In his first few months as the chief information officer at Fireman's Fund Insurance Co., Frederick Matteson has had a chance to compare and contrast the dynamics of the insurance and brokerage segments.First, risk management binds both, he says. "When you look at the property/casualty business, we're obviously in the underwriting business, and we make decisions based on a risk pool that we feel will maximize our margins and position in the marketplace," he explains.
"In brokerage, the trading side also involves making decisions within a risk pool, much like underwriting, except on a shorter duration. You must examine the buy-sell picture, you have to determine how much risk to bear and how much you should put off."
The brokerage industry differs from insurance in that it's highly transactional. Revenues come from handling transactions and managing portfolios on the back end. "We can take a fund at Schwab and we have to understand what the weighted average duration of that fund needs to be from an investment standpoint," he says. "It's really the brokerage version of the actuarial part of insurance. It's about taking a dollar in versus when you have to pay it out."
Matteson says it's important to remain fluid in the brokerage world, and possess a vision that can see warning signs ahead.
He provides an analogy: "At Schwab I learned that the strategies that worked in the past are the same ones that will cause you to fail in the future, because they're only competitive for a little while," he says.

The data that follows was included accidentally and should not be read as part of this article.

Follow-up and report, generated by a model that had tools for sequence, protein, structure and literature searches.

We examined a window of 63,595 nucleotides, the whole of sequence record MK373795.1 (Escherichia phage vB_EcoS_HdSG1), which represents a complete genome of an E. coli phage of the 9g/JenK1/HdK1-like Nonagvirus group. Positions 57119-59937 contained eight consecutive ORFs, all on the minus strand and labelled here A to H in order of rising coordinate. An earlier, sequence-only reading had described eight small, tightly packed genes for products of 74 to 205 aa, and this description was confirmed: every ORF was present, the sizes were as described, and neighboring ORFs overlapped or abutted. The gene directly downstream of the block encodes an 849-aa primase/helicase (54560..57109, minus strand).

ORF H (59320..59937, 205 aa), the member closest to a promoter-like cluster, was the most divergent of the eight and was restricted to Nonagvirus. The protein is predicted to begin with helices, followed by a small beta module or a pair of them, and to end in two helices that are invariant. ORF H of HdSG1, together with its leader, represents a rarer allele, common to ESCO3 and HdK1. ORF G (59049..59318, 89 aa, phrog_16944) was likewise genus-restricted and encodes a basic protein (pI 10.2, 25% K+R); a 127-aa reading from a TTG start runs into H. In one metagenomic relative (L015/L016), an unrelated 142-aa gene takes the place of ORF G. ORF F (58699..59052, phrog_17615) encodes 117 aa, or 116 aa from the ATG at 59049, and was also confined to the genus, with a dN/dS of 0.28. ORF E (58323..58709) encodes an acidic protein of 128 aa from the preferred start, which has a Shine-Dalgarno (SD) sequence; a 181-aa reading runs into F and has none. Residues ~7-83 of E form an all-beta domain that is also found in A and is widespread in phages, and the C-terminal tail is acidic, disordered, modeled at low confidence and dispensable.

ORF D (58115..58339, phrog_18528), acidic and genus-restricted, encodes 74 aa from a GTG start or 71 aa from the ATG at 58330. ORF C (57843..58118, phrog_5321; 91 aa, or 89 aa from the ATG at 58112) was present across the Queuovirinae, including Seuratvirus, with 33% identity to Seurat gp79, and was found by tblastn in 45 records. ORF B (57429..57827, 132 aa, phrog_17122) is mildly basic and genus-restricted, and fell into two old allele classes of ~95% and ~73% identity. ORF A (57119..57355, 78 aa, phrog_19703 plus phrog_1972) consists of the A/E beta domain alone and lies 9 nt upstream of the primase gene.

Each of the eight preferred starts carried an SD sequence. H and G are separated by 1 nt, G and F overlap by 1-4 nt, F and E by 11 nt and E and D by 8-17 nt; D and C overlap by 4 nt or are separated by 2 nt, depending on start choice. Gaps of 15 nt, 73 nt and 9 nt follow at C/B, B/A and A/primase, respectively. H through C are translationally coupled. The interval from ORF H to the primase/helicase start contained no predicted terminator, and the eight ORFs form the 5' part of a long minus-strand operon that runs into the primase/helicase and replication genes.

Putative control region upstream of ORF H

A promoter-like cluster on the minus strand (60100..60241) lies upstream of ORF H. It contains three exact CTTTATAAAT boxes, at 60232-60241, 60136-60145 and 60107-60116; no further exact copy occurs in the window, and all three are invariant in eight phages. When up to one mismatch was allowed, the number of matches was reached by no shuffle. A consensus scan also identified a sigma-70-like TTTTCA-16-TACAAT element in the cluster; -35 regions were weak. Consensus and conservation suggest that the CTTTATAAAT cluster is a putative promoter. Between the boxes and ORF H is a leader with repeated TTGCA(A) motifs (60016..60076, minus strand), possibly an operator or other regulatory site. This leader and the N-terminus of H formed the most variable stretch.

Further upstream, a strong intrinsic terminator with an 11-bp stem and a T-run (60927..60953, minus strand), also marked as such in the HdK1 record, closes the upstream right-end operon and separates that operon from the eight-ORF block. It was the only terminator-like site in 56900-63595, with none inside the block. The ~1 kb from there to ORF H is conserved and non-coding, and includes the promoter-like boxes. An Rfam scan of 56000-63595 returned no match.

"It would be as if I made a lot of money investing in dot-com stocks in 1999 and then decided that was going to be my investment course for 2000. If I had done that, I would have lost my shirt. On Wall Street, you get feedback very quickly when you're losing money. So we want early warnings that can alert us of this. And that's where (information) technology's role can help."
One dramatic difference he's noticed between brokerage and insurance has to do with customers. "I've said almost half jokingly, when we got a new customer at Schwab, we couldn't wait for them to start transacting with us. But when you get a new customer in the insurance industry, from a claims standpoint, the customer hopes they never have to deal with the company and the company hopes it never has to deal with the insured."
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